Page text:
Radiology in veterinary medicine is the branch of medicine in which doctors visualize the interior of a pet’s body using various forms of radiation. At Hickory Veterinary and Specialty Hospital we utilize an array of imaging technologies such as:
- Digital radiography
- State of the art 64-slice CT scanner
- MRI - Magnetic resonance imaging
- Digital dental radiography
Radiography can be thought of as ‘X ray photography’. The images that are formed by passing an X ray beam through a section of a patient’s body are recorded either on film or some form of digital media. Generally, the images recorded on film are viewed as transparencies on a lighted view-box or illuminator and the digital images are viewed on computer displays.
The general trend in the world is a transition from film-based to digital radiography. Hickory Veterinary and Specialty Hospital utilizes digital radiography for advanced diagnostics.
Digital Radiography, otherwise known as DR, is very similar to a digital camera. It gives us the ability to have “instant x-rays”. Just as a digital camera no longer uses film to capture pictures, DR no longer requires x-ray film. Instead, our DR unit uses a laptop computer to capture our x-ray image. This allows us to obtain clear, superior images in a matter of moments. We no longer have to develop the x-ray and instead we are able to view the x-ray instantly. With the x-ray displayed on the laptop screen, we have the ability to magnify and adjust the image, giving us greater detail and accuracy for our diagnosis and treatment. In addition to improved quality and reduced processing time, DR allows us to store images on CDs or thumb drives and to share with colleagues electronically.
Some of the specific advantages of digital radiography include:
- Elimination of chemical processing of films
- Reduced space requirements for storage of images
- Ability to apply digital image processing to optimize image quality and visibility of pathologic conditions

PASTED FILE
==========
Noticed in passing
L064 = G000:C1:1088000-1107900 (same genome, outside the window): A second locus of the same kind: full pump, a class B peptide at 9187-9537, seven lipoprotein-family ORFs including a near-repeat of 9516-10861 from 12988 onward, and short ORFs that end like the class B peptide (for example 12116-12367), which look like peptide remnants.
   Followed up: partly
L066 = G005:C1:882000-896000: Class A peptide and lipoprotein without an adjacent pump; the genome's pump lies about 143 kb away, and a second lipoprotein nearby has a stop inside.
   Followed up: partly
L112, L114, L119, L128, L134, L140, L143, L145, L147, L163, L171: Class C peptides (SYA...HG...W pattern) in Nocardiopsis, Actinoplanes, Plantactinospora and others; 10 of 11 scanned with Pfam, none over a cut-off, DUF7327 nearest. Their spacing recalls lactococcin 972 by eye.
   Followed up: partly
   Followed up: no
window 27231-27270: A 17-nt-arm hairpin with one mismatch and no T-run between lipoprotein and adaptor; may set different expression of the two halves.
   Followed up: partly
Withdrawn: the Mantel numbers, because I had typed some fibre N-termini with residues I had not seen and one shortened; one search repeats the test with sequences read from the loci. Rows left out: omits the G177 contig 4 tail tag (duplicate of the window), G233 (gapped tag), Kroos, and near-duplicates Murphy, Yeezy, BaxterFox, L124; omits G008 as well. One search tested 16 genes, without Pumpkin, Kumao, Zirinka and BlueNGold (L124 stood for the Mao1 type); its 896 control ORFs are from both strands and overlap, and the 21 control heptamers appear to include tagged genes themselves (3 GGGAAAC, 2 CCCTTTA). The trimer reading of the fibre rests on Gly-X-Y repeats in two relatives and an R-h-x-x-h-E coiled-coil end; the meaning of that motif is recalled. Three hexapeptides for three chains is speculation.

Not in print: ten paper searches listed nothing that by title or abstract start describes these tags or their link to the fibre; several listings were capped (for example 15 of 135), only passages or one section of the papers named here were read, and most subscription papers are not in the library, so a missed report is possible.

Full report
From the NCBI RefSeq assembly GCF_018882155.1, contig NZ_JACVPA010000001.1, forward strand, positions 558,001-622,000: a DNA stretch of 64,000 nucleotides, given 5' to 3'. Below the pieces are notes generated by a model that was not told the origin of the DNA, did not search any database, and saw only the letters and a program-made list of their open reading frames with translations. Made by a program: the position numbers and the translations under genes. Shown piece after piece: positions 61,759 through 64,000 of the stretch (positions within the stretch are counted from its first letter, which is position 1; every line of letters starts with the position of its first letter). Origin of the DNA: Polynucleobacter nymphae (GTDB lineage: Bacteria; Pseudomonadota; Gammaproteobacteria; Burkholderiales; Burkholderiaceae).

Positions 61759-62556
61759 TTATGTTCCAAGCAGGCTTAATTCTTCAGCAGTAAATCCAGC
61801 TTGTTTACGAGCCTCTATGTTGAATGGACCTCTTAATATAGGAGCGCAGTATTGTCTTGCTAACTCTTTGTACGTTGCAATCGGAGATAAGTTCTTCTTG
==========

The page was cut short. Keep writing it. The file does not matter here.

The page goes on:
- Rapid transmission of images to other locations for viewing by physicians.
CT (Computed Tomography)
A CT scan is a diagnostic imaging procedure that uses a comnination of X-rays and computer technology to produce images ofthe inside of the body. It shows detailed images of any part of the body, including the bones, muscles, fat, organs and blood vessels. CT scans are more detailed than standard X-rays.
We offer the state-of-the-art 64-slice CT scanner with technology that represents an innovation of great magnitude that allows for information tobe obtained faster and more accurately than before.
Magnetic resonance imaging technique used in radiology to form pictures of the anatomyand the physiological process of the body. MRI scanners use strong magnetic fields, magnetic field gradients, and radio waves to generate images of the organs in the body.
Our MRI trailer is located on the premises for easy and safe access. Our board certified neurologist reviews the images and consults with you on MRI findings and medical plan.
The endoscopy procedure uses an endoscope to examine the interior of a hollow organ or cavity of the body. One of the benefits to all types of endoscopy, is the minimal to no incisions or surgical wounds for your pet to heal. Cameras allow us to visualize and take biospies (samples) of areas of interest. Unlike many other medical imaging techniques, endoscopes are inserted directily into the organ. There are many types of endoscopies.
- Arthoscopy - scoping of joints
- Bronchoscopy - scoping of trachea and the lungs
- Colonoscopy - scoping of entire length of the colon and large intestines
- Cystoscopy - scoping of the inside of the bladder
- Esophagoscopy - scoping of the esophagus
- Gastroscopy - scoping of the stomach and duodenum which is the begining of the small intestine, foreign body retrieval
- Rhinoscopy - scoping of the nasal cavity
Ultrasound is a painless imaging procedure that uses high-frequency sound waves to generate images of soft tissue, organs, blood flow and other anatomy. It is noninvasive and does not involve the use of radiation. Ultrasound can be used to diagnose illness, characterize anatomy, and guide the direction of biopsy or other diagnostic sampling.
The Ultrasound Procedure
While most pets require no sedation and lay quietly for the procedure, especially nervous or wiggly patients may need sedation to enable a thorough examination. Sedation or brief anesthesia is usually employed if a biopsy or needle aspirate procedure is performed.
The procedure involves placing your pet on our ultrasound table and held comfortably while the doctor performs the ultrasound using ultrasound gel.
The doctor will review the findings with you and with your veterinarian.